Monday, September 21, 2009

Death Panels and all that

Like Mike Doonesbury this morning, I had thought all the Death Panel furor was behind us. But if Gary Trudeau thinks it's still a current topic, and Newsweek gives it featured coverage (The Case for Killing Granny, Rethinking end-of-life care, Sept. 21, pages 36-40 and page 8), it may be useful to review it one more time for those gullible enough to believe that we old-timers are about to be shut out of the system and left to die. That's deliberate nonsense. The facts are:
Living wills (or advance medical directives) have been around for years. My own was first notarized in June 1997, and I update it as "still valid" and sign it every year or two to show that my mind hasn't changed. I make sure my own doctor and any hospital I go to has a copy.
The reason doctors and hospitals advise people to do this is so that the your personal desires are on record even if you are later found unconscious, or are unable to communicate, or have relatives telling the medical attendants to do this or do that regardless of your own stated wishes.
You may state that you want everything done to keep you alive, or want Hospice care, or want to let nature takes course, or any degree of treatment in between. It's up to you. But unless your desires are recorded while you are still conscious and of sound mind, the doctor or hospital will have nothing to go on.
My own advance directive says, in part, "If I am disabled by [for example] stroke, dementia, or cancer, I do not wish my life prolonged artificially. If there is no reasonable chance of recovery or fully conscious existence, then let my dying process take its natural course without tube or IV feeding, radical surgery, extended use of a respirator or other resuscitation measures. Relief of pain and/or routine nursing care are OK. I do not want my medical care to threaten bankruptcy of my family and heirs.
"In particular, I do not want attorneys, judges, doctors, or ethics committees quibbling about my intent or wish. What I want is to go to my Maker when my time comes, with what measure of human dignity is possible."

The difference between a "Death Panel" and a Living Will is who makes the decision - a nameless bureaucrat, or you yourself?

As a doctor, I have seen people kept alive for a few extra days while they are dying of incurable, painful cancer or other disease, and their medical costs keep building up to loss of home and all the family's funds, only to prolong the pain or keep the heart beating, but with no useful outcome. But without instructions to the contrary, doctors do what they can to keep a person alive.
President Obama's Health Plan encourages doctors to counsel patients on how to make their wishes known. It's still a matter between only you and your doctor.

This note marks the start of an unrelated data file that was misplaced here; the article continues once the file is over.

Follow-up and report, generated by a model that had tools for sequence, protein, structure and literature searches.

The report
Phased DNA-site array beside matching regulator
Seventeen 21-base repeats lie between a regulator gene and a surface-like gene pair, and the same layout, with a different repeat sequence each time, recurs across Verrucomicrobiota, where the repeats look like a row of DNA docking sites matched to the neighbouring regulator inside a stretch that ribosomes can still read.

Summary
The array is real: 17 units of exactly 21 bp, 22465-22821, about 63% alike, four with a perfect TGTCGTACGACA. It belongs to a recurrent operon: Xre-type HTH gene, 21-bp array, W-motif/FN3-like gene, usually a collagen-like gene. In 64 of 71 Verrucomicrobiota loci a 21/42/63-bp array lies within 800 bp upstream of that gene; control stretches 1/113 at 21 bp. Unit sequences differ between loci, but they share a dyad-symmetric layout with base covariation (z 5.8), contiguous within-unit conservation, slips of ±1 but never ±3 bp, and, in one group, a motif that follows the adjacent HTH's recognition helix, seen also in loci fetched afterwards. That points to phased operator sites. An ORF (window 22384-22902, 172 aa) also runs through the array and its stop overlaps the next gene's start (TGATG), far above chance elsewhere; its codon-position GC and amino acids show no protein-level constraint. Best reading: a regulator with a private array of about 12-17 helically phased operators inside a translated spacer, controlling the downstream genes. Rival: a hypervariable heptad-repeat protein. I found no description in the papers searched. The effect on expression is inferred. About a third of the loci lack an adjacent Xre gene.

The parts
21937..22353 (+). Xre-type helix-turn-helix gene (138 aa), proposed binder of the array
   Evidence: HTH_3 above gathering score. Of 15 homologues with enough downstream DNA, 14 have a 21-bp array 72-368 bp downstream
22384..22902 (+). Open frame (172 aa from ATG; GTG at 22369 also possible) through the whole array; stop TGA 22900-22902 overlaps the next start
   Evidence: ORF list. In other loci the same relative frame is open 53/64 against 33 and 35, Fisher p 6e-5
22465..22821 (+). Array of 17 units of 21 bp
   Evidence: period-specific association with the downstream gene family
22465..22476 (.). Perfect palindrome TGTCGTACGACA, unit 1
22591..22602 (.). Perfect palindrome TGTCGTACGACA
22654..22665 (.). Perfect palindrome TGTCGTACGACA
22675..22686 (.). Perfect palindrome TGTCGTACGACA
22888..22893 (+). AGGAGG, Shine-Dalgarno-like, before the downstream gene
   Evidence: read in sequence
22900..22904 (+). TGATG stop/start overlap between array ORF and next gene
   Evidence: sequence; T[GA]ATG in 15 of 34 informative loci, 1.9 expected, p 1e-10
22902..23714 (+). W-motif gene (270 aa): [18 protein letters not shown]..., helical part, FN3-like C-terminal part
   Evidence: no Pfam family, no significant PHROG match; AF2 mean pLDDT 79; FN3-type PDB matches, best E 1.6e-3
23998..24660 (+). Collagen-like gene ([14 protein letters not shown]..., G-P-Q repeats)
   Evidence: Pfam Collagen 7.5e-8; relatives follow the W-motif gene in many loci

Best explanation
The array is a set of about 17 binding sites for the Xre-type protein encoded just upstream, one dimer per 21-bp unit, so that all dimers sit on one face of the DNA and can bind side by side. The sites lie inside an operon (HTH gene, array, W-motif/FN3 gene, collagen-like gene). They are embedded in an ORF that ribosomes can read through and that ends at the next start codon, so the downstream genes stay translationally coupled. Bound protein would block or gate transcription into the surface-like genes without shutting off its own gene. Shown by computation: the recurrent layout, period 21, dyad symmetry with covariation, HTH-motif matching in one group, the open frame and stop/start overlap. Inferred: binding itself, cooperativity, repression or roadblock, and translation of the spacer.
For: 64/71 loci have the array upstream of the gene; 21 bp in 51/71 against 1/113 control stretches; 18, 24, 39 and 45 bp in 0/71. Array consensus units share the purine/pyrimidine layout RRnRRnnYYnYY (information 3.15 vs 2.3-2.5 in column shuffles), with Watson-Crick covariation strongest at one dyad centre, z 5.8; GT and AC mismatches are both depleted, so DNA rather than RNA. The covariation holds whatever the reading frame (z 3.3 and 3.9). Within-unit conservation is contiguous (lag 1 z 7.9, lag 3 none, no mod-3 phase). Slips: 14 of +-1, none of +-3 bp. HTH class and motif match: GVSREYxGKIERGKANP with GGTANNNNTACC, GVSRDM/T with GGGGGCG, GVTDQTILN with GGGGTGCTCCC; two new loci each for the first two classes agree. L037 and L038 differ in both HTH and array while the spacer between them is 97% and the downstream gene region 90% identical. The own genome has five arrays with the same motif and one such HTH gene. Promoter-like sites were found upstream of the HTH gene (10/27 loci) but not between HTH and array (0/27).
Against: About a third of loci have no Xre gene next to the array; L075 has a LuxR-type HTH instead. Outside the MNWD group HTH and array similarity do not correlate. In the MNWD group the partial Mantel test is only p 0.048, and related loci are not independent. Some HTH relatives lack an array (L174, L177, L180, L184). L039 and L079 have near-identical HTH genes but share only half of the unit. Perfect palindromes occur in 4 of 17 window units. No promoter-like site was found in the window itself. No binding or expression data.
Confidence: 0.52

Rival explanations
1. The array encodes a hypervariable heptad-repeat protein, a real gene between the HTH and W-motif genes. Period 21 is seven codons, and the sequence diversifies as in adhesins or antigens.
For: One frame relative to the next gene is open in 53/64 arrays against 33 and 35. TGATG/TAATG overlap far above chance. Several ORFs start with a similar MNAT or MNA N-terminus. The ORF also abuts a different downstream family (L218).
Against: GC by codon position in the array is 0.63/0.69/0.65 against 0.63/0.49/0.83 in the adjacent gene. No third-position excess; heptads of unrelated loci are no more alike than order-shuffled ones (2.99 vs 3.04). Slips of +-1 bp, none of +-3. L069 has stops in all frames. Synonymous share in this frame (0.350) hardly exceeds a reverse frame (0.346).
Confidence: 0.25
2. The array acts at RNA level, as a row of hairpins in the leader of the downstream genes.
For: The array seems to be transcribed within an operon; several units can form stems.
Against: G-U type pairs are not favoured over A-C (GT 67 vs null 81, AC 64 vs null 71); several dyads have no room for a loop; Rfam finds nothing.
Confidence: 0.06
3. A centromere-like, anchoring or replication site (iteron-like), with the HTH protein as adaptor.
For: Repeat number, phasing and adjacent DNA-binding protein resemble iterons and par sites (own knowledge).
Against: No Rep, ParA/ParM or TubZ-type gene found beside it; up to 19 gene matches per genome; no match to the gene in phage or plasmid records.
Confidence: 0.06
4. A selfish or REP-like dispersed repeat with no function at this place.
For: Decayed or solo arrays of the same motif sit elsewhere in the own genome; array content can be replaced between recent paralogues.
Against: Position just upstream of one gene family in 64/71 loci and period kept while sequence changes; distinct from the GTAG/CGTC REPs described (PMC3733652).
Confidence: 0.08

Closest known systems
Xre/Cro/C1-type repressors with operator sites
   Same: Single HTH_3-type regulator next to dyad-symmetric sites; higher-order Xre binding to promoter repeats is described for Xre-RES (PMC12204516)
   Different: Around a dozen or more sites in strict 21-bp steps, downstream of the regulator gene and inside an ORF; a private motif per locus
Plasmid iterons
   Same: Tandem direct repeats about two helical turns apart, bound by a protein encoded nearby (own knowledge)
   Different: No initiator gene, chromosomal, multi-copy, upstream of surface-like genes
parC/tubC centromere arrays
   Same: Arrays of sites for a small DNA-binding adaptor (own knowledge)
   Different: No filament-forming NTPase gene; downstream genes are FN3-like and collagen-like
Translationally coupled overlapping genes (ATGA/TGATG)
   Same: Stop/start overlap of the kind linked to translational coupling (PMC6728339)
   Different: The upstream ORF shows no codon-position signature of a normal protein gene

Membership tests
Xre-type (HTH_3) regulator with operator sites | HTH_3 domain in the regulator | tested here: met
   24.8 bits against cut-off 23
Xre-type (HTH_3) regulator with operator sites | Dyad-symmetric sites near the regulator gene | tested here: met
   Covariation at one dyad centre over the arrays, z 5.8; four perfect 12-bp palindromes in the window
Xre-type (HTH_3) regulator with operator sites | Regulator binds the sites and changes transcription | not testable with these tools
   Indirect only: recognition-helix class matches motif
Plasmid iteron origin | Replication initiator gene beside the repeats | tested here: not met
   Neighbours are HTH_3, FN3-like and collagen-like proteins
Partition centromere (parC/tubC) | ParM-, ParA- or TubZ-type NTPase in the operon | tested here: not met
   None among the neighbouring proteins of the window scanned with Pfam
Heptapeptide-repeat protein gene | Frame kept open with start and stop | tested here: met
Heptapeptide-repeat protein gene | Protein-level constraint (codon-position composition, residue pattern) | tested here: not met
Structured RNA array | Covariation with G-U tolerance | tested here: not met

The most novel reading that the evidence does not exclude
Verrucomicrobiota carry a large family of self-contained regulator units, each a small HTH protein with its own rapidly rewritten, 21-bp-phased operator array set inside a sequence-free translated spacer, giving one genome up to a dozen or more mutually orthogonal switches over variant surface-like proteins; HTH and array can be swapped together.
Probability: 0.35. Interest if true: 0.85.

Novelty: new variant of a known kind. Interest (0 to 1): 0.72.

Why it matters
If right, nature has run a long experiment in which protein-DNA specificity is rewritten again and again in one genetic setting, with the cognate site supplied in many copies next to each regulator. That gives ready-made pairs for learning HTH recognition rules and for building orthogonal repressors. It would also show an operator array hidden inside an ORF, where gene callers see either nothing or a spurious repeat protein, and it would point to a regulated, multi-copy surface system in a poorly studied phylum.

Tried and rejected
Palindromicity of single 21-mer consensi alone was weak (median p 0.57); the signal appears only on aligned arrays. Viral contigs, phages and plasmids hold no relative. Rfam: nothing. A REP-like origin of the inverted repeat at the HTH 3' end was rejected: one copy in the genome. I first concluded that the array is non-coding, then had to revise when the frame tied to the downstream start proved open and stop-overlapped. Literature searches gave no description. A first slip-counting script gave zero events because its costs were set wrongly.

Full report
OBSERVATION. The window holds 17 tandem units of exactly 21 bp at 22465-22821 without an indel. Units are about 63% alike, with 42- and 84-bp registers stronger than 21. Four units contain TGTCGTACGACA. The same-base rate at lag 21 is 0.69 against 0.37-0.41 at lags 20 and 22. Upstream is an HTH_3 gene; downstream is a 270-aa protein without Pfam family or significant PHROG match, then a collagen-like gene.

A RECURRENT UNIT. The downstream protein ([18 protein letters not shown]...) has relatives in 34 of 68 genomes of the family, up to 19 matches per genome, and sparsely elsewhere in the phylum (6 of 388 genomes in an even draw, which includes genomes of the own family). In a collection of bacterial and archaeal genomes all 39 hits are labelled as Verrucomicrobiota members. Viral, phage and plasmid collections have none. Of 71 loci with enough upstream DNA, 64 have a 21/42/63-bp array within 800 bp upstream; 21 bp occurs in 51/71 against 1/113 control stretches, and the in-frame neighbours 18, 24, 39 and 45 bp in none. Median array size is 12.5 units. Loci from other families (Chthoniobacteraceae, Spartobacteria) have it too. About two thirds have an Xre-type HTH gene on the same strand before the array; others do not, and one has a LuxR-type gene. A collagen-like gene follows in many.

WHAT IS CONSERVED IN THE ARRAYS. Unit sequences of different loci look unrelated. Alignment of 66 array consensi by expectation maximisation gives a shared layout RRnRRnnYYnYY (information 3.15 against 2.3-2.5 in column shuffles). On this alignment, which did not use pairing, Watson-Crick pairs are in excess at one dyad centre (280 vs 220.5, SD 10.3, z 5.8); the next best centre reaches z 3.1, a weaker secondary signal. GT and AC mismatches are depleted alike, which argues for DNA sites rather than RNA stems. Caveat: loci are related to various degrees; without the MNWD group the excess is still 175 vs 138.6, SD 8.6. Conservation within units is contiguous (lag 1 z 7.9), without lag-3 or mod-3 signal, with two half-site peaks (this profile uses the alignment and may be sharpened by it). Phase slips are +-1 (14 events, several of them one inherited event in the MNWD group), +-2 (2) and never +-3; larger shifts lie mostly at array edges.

Wednesday, September 9, 2009

The President's Medical Plan Speech

I listened carefully to the President's address this evening, both as a retired doctor and as a senior citizen now living on a moderate fixed income. In general, it was well received; even the Republicans stood and applauded at several points.
He laid out the main actions and the reasons. Skeptics on both sides will say "not enough detail", but he emphasized the results he was seeking: against the law for insurance companies to refuse coverage of pre-existing conditions, against the law to drop insurance or raise the premium when a client's treatment is too expensive; everyone can keep their present policy if they like it, and their present doctor too. There will always be details to work out, and I expect modifications will be necessary after the plan has been in operation a few months or years.
Most people's first reaction will probably be "How can the nation pay for all the extra care when the 45 million uninsured get coverage?" But the fact is, these 45 million are already here, already getting care, in the Emergency Room—the only place required to take care of them—but an ER visit is ten times the cost of a doctor's office visit.
You don't believe that cost ratio? Google the comparative prices. What I found was $170 for the average first office call, and from $1,000 to $2,000 for an average ER visit, tests, and treatment included in both. Sometimes the severity of the case demands ER care, but moving the headaches, colds, and minor injuries into the doctor's office can save billions per year.
Opponents like to quote the figure one trillion dollars over the next ten years as the increased cost of the President's plan, but that's 100 billion per year. Savings from over-testing, over treating, and over use of the ER could easily cover that.
My first reaction to Congressman Boustainy's rebuttal was that I thought the President covered all those points, but then I realized Mr. Boustainy would have had to write his speech before he heard the President, who had finished only about five minutes earlier. The only differences I can see are the Republican wish to make insurance purchasable across state lines (which I like) and their desire to "Press the reset button and start over" which would send us back to square one.
The biggest savings in present medical care I see are (1) tort reform with resultant easing of over-testing and over-treatment, and (2) lifting the ban on competitive bidding on pharmaceutical contracts. Downsizing the "donut hole" is useless if drug prices get upsized the next day.
Overall an excellent speech, and substantive. More later.